All the bells and whistlesPublished 7:45am Tuesday, January 22, 2013
I went to the auto dealership to get my oil changed. My friend, the one from whom I have bought a few vehicles, saw me and invited me to have a seat and chat.
I looked out at the new cars and asked about the 2013 model. Car salesmen are taught, I am sure, to discern the inflection of voice and the gleam in an eye so that they might pounce upon the unsuspecting customer like “white on rice.”
“That’s a nice looking one,” I said matter-of-factly, I thought.
That was all it took. Rice, meet white! To make a long story short, I ended up buying a new car and all I meant to do was get an oil change. Talk about one being born every minute.
“It’s got all the bells and whistles,” the salesman said. “It’s got your back-up camera, your ‘econ’ button for great in-city gasoline efficiency, your individual air conditioning settings…” and he went through a whole litany of things the new car had.
One thing he talked about was the Bluetooth capability of the electronic system. What’s that all about? Bluetooth capability? I guess that was part of the bells and whistles.
Come to find out, he was talking about how I could synchronize my cell phone with my car radio and answer calls while I was driving and with no hands on the telephone. Remember the marketing slogan, “Look, Ma, no cavities!” That’s how old I am and how simple my mind is. Now, it’s going to be, “Look, Ma, no hands.”
It’s funny how the salesman never mentioned the motor’s dependability, the sleek, new design, the fact that it was reasonably priced. It was all about the bells and whistles.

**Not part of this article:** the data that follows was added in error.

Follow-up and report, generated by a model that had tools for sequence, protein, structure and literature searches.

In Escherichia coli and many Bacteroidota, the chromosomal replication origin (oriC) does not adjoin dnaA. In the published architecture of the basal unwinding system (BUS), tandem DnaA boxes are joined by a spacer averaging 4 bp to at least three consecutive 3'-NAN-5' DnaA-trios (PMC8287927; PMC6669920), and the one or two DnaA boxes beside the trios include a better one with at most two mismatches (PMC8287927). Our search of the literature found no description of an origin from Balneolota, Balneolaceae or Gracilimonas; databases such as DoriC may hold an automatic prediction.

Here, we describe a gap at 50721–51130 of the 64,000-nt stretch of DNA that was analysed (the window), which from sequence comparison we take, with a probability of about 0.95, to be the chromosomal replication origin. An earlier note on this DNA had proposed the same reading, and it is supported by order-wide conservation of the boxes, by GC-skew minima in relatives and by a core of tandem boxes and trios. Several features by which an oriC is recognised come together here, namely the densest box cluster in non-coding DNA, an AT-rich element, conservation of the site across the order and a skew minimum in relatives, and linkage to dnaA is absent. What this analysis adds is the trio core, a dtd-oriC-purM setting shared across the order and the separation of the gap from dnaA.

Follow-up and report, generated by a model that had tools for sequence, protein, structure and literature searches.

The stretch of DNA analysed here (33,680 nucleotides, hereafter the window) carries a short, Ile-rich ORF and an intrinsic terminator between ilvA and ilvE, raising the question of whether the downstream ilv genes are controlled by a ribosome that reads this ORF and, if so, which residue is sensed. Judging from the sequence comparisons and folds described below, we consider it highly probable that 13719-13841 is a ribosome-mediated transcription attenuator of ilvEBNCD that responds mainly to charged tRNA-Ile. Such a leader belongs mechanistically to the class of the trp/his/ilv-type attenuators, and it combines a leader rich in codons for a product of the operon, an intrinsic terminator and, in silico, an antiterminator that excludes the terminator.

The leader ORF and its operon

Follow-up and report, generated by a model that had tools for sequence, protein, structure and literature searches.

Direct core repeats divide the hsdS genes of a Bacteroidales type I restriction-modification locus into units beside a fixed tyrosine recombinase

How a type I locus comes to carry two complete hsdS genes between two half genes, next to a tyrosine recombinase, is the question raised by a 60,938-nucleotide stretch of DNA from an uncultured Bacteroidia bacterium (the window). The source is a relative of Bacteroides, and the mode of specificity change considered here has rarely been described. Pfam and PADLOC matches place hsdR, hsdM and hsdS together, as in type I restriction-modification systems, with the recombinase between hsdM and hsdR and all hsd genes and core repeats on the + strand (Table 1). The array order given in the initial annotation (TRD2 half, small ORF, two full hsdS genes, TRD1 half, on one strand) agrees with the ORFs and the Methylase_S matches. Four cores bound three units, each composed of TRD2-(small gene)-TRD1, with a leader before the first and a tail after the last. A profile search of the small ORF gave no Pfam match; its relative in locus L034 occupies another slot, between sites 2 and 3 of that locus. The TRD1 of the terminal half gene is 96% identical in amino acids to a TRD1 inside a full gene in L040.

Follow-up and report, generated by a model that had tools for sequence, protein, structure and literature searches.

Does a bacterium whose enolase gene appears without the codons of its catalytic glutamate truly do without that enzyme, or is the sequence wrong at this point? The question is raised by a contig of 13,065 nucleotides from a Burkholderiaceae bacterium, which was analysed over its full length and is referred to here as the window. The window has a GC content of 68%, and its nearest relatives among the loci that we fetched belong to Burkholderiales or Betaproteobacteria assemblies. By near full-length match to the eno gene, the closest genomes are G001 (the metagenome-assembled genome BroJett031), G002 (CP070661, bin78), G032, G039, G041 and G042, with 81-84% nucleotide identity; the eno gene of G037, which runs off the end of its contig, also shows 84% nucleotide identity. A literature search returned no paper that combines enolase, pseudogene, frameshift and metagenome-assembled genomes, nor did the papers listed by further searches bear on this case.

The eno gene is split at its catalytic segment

After I bought the car, he wanted to set it up for me with some of those bells and whistles. He asked for my cell phone so that he might sync my phone with the system. He took a look at my phone and asked, “How long have you had this phone? Did you trade in your tin cans and string for it?”
I had a little bit of leverage and used it on the smarty-pants salesman. “Well, I guess I could just cancel my purchase of this car with its Bluetooth capability.” Drops of sweat suddenly appeared on his brow.
He was determined to get it working in spite of the message that kept appearing on the central nervous system of the car, “Where did this phone come from? The Alexander Graham Bell laboratory!” Hardy, har-har-har!
He finally got it set up and I left the dealership in a new car and all its ring-a-ding-dings and rooty-toot-toots. As I was driving home, I got a phone call. Yeah! “Look Ma, no hands.” I punched the button with the telephone icon.
“Hello, this is Mr. Roberts answering your phone without taking it off my belt,” I said. No answer. The phone kept ringing.
“Hello, hello, hello,” I answered, louder and louder.
As it turned out, I could not answer or call on my cell phone. The blankety-blank thing wouldn’t work.
Just one question. What good is a bell or whistle if you can’t ring it or toot it?